IVF with Delayed Transfer

Vitrification and Cryopreservation

The prospect of storing gametes, whether they are eggs or embryos, was until recently, good in theory but not great in practice.  The method of freezing that has been used for the last 25 years resulted in the loss of up to 30% of gametes and also produced eggs or embryos that were significantly devitalized by the process.  As a result, a frozen transfer was always a bonus but the success rates were lower than a fresh transfer.

This all changed over the last six to ten years with the development of the ultra rapid cryopreservation method called vitrification, developed and perfected in Japan.

With the introduction of vitrification, the survival rates for both eggs and embryos has risen to over 95% and the resulting gametes appear to be almost as good as they were in the fresh state.  This single innovation allows us to consider the option of banking either eggs or embryos without compromising success when these gametes are ultimately used.

In IVF centers with access to advanced laboratory facilities and vitrification, frozen embryo transfer procedures now yield the same or even better success rates compared with the transfer of fresh embryos when the egg provider has herself been stimulated and undergone egg retrieval.

The Success Rate of IVF Delayed Transfer

As the success rate with frozen/thawed embryos approaches and surpasses the pregnancy rate in fresh cycles, more and more cycles of conventional IVF where a woman provides the eggs and carries the embryos herself, will now become cycles where embryos are banked by vitrification.   The patient then returns the following month for a frozen embryo transfer.  This embryo transfer is conducted either with natural ovulation, if this is predictable, or with a controlled frozen transfer where natural estrogen and progesterone is supplied in sequence allowing for a planned frozen embryo transfer.

Experts from Aberdeen University reviewed 11 previous studies, which followed to birth, more than 37,000 pregnancies resulting from the transfer of either fresh or frozen thawed embryos.  When frozen embryos were used, there was a 30% lower risk of bleeding during pregnancy, 30 to 40 percent less chance of the baby being born underweight, 20% lower chance of premature delivery and 20% less likelihood of dying in the neonatal period.  The study by Dr. Abha Maheshwari at the Aberdeen University was published in the journal, Fertility and Sterility, and was presented at the British Science Festival in Aberdeen in 2012.  Dr. Maheshwari said:  “We found pregnancies arising from the transfer of frozen thawed embryos seem to have better outcomes both for mothers and babies when compared to those after fresh embryo transfer.”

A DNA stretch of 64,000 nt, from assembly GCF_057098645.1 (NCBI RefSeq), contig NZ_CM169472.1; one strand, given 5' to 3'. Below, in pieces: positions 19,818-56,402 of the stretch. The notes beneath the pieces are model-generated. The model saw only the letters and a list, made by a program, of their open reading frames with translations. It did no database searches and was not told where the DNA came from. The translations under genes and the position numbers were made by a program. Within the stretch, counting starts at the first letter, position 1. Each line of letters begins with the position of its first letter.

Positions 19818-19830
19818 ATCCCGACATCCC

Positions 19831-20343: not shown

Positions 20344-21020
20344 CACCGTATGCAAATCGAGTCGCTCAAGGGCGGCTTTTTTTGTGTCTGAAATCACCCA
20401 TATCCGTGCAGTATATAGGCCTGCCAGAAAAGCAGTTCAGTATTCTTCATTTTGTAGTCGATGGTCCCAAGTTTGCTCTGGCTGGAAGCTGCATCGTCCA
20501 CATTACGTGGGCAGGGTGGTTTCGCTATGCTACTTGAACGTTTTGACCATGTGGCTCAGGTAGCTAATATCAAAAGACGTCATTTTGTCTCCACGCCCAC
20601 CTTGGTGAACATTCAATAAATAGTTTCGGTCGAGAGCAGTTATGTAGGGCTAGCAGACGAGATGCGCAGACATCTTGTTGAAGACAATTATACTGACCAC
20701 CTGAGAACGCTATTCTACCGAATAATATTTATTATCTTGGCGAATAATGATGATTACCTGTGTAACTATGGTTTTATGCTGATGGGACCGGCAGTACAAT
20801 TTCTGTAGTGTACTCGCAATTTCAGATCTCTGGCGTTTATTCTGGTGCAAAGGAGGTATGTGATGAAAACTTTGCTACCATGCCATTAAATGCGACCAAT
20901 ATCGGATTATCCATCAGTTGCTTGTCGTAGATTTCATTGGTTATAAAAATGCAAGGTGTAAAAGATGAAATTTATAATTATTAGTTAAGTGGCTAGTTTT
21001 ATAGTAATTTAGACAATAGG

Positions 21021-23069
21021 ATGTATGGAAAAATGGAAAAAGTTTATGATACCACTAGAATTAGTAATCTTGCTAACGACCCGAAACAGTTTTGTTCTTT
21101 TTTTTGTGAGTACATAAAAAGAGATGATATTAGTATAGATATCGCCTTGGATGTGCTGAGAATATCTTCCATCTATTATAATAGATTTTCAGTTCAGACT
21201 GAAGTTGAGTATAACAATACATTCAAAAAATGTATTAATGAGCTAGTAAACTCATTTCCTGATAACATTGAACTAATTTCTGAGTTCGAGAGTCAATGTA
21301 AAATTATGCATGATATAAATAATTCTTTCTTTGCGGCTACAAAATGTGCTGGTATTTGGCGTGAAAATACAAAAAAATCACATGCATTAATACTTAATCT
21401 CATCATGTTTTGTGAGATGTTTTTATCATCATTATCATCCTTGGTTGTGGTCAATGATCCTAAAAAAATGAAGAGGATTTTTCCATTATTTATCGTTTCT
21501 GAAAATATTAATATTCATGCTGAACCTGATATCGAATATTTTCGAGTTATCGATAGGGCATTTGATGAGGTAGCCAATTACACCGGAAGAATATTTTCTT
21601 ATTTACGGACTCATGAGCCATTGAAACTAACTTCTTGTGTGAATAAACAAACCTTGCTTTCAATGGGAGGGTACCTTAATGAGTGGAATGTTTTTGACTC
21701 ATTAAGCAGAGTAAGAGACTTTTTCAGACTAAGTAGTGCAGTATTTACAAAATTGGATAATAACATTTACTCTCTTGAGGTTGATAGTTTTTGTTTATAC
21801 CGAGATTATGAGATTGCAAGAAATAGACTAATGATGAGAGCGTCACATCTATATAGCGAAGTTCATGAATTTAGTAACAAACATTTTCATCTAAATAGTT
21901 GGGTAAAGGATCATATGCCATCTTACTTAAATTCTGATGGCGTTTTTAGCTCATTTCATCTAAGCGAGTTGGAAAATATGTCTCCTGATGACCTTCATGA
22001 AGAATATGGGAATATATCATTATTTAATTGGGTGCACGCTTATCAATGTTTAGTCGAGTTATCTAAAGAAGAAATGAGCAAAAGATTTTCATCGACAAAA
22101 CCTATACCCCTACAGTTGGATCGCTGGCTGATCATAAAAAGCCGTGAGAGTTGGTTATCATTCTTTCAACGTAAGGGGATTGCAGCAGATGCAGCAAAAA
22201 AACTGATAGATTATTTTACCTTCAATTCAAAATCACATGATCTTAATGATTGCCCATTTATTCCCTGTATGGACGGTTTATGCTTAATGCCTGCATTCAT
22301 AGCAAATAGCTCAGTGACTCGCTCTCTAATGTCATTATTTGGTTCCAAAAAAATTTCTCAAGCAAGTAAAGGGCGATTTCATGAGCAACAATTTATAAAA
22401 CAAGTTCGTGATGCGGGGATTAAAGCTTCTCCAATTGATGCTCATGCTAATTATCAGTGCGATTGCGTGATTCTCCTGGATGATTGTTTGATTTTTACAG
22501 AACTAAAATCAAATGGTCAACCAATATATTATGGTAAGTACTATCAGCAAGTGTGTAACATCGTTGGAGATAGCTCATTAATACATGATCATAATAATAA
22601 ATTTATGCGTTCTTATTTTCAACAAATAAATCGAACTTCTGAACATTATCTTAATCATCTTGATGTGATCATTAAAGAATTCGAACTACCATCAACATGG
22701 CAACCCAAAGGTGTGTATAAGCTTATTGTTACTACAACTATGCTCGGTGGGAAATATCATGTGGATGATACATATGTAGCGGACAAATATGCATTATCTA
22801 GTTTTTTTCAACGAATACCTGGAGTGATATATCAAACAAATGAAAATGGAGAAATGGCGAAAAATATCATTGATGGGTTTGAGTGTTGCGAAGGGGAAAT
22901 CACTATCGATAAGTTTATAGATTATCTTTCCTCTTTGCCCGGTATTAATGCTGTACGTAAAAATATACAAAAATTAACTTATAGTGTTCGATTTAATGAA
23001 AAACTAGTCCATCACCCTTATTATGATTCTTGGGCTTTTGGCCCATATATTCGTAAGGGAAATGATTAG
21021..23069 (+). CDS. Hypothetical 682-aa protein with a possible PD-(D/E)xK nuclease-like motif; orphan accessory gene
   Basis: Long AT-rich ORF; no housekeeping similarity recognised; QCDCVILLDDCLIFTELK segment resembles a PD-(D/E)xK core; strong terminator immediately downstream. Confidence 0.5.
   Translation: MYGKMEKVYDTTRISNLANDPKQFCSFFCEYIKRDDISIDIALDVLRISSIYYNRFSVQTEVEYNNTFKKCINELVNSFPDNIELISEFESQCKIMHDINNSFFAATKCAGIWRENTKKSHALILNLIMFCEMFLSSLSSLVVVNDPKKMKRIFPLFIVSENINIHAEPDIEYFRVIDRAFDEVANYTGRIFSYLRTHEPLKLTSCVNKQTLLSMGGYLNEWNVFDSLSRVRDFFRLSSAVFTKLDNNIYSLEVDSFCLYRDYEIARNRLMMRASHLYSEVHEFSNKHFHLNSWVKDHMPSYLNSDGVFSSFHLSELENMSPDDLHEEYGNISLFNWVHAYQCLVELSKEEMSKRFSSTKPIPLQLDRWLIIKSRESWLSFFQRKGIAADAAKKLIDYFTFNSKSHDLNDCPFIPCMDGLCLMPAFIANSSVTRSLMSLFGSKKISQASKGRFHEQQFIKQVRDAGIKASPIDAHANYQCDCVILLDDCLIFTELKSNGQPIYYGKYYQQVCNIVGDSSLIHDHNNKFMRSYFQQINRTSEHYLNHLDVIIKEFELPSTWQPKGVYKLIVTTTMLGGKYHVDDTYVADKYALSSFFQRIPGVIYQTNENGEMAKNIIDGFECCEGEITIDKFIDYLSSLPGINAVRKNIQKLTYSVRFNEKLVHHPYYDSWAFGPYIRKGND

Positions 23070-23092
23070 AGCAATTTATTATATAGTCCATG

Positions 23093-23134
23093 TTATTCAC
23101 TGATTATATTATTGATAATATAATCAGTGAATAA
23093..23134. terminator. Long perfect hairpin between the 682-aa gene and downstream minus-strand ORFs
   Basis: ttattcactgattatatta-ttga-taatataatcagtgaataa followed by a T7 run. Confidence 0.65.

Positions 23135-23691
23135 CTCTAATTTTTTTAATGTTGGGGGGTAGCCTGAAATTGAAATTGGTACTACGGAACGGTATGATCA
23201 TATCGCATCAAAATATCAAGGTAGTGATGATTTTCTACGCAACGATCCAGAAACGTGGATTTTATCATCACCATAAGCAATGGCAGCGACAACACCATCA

“If pregnancy rates are equal and outcomes in pregnancies are better, our results question whether one should consider freezing all embryos and transfer them at a later date, rather than transferring fresh embryos,” Maheshwari said.

At Zouves Fertility Center, we have been monitoring our pregnancy rates in fresh and frozen transfers when a woman provides the eggs herself. We noticed a steady increase in the success rates in the frozen transfers over the last three years, and for the first time, in the first six months of 2012, frozen success rates surpassed fresh pregnancy rates. This is due mainly to the benefits of vitrification, which we do across the board for all gametes in our program. Knowing that the pregnancy rates are higher in the frozen cycle and also when looking at the data from Europe, showing improved pregnancy outcome in frozen transfers versus fresh, it is a logical progression to stop doing fresh embryo transfer when a woman has been stimulated and rather to vitrify the embryos and transfer them during a future non-stimulated cycle.

Options for Embryo Transfer

The options for transferring the frozen embryos back to the uterus include the following:

  • Natural frozen embryo transfer- where the patient tracks her ovulation and once the LH surge has been identified on urine testing, blood work and an ultrasound scan are performed confirming the LH surge as well as an optimal triple pattern on the endometrial lining and the presence of a dominant follicle in the ovary. The embryos are then transferred approximately one week later given that embryos are generally stored on day five or six after fertilization.
  • Controlled frozen embryo transfer -does not rely on natural ovulation and the natural hormones. Estrogen and progesterone are added in sequence, thereby preparing a lining of the uterus, which is not dependent upon hormones from the ovary. The controlled frozen transfer is more suitable when patients live far away from the clinic or in patients where the ovulation is unpredictable.

Learn More about IVF Delayed Transfer

To learn more about IVF Delayed Transfer and vitrification, contact the Zouves Fertility Center.  We are here to answer all of your questions about the procedure and help you identify the best possible ways to conceive a child.

Vitrification allows for women to preserve their embryos for years without having to worry about biological clock timing.  Contact our fertility experts at Zouves Fertility Center to learn more about this revolutionary technology today.

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